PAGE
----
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Personal Geometry: J. Steven Manolis’ Family Paintings

J. Steven Manolis’ Redworld Series more than holds its own in the history of monochromatic modernist painting—so-called ‘all-over color field’ painting. Picasso’s “Blue Period” and “Rose Period” paintings also are monochromatic, as Bruce Helander points out in his essay on the Redworld Series, but their mood-creating blue and rose are the backdrop for their figures. They are representational not abstract paintings, “impure” rather than “pure” painting, and as such, incompletely modernist. All the more so because they are not as attentive to the material medium—the ultimate concern of the modernist or pure painter, as the critic Clement Greenberg famously argued—as Manolis’ paintings are: their vigorous painterliness—Manolis is an abstract expressionist, his works richly composed of impassioned gestures—is at odds with Picasso’s conventionally flat handling. Manolis’ Redworld paintings have a greater affinity with Yves Klein’s “Blue Paintings”—more gesturally expressive than Picasso’s “Blue Period” paintings, but, like Picasso’s, Klein’s are figure-based, although his gestures have less body and energy, not to say emotional impact, than Manolis’ powerful gestures. His red paintings have a certain affinity with Rauschenberg’s white paintings and Frank Stella’s black paintings, as Helander suggests, but they are colorless, and as such expressively limited—inhibited, for without color emotional expression is peculiarly aborted, which I think explains the odd vacuousness of Rauschenberg’s and Stella’s paintings. They are “explorations”—celebrations? —of the Void, to refer to an exhibition of “The Big Nothing,” held in 2004 at the Institute of Contemporary Art of the University of Pennsylvania.

Helander has brilliantly and exhaustively addressed the universal meanings embedded in the red of the Redworld paintings. Quoting the historian Michel Pastoureau, who remarks that red is the “archetypal color,” and noting the extensive use of red in numerous traditional and modern works, Helander reminds us that the Redworld Series was given to Manolis’ undergraduate alma mater, the University of South Dakota, which happens to be in the town of Vermillion, “vermilion” being a particularly bright red pigment (consisting of mercuric sulfide, reminding us of Manolis’ mercurial painterliness, the mercurial fluidity of his handling). In an email to me, Manolis writes that “the actual painting of my Redworld Series expressly FOLLOWED the writing of the REDWORLD poem. I was trying to creatively capture, in color, and in my own ‘hand/style’ (i.e., beautifully!), even ‘commercially viable’ with the color Red the sort of passion and ‘FULL-ON; ALL-IN’ philosophy that I subscribe to.” Red, Manolis writes, “…is the most moving, powerful and inspirational color…it possesses life energy, and it is passionate, Passionate, PASSIONATE! Especially if it is displayed on scale…” Grand scale, as it is in the mural-like Redworld Series. “REDWORLD is: Art as Positive Activism; REDWORLD embraces equality, respect, and non-discrimination!” Clearly the Redworld paintings are ambitious in meaning as well as scale—the expression of an enlightened Weltanschauung, as well as a climactic expression of modernist painting.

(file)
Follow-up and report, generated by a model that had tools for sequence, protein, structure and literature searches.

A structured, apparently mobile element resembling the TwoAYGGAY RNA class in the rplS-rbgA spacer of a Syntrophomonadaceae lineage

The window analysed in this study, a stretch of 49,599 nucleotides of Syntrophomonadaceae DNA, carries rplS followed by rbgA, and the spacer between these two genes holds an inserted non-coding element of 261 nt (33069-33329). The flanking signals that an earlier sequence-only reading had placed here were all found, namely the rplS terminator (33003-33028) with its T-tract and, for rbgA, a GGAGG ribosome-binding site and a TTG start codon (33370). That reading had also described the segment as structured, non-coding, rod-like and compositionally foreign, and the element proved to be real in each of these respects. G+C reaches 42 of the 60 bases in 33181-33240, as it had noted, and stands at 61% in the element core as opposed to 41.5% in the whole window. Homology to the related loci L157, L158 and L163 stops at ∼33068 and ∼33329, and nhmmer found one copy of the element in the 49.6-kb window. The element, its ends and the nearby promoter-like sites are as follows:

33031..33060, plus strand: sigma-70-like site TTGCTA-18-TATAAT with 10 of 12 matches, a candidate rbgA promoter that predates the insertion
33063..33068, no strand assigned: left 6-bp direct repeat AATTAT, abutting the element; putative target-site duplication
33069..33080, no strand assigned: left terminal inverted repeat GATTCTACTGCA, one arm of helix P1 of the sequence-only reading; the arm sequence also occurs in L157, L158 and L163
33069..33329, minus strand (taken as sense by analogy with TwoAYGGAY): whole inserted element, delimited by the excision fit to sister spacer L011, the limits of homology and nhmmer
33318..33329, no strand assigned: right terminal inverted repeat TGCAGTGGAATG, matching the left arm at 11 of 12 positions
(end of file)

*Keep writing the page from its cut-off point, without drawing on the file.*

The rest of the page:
When I saw some of the Redworld paintings in Manolis’ studio, and heard him talk about them, I noted that he mentioned, with what seemed to me a certain casual quickness, that the different geometrical forms in them had symbolic meaning; they signified the different members of his family. This struck me as an important clue to their inner meaning: they are peculiarly private, however grandly public—however meant for conspicuous consumption, that is, “commercially viable,” as Manolis, a successful businessman, said. Certainly, he is bringing to art the same drive that he brought to business. In a sense, Manolis was turning his life into art. He is as emotionally passionate as the passionate red of the Redworld paintings. Placing the geometrical forms in the field of fluid red suggests that he is as passionately engaged with his family as he is with his art. He is doubly creative—he has produced a large body of art and a large family: each complements and informs the other, each makes the other possible and meaningful. When art achieves lasting aesthetic glory, as Manolis’ Redworld paintings do, it is a sign that it has successfully metabolized life, to use a psychoanalytic idea, imaginatively worked through lived experience—deeply personal experience, experience that forms and informs one’s self, and the feelings associated with it, feelings otherwise difficult to work through, to come to terms with. There is no aesthetically significant art that is not in some way a transformation and transcendence of the artist’s personal history and experience.

In his email to me, Manolis talked a great deal about the “throw/splashes” “signature look” of his red—his technique—as well as its meaning; he had somewhat less to say about the geometrical forms, implying that they played a minor role in his paintings. But this seems to me deceptive, considering the fact that they loom large in many of the paintings, like famous actors performing on a stage. Indeed, there is a theatrical as well as sensuous grandeur to Manolis’ Redworld paintings: they are action and process paintings in more ways than one, for they show his sensuousness in hyperactive process. Thus, in Four Seasons, to take one example, parallel black lines divide the canvas in horizontal halves. Above them, in each of the four paintings, a luminous series of concentric circles, each nested in the other, with an emphatic unifying center, forms a kind of cosmic whole. To their left, a sort of crescent moon appears, composed of half circles, its openness in startling contrast to the concentrically concentrated circles, seemingly hermetically sealed. Below the black parallel horizontal lines, in the right corner of the painting, a painterly black triangle can be seen. It is incomplete—it lacks a base, a foundation—but it contains a small complete triangle, drawn with linear precision. Black concentric circles, paired with black crescent forms, are on its left. Below them are two black parallel lines, each composed of five black dots. Taken together, the circular forms and the linear forms seem to create a face, the two circles reading as eyes—wide-open, as though to stare the spectator down, as well as to take in the whole world—and the two rows of black dots reading as a mouth.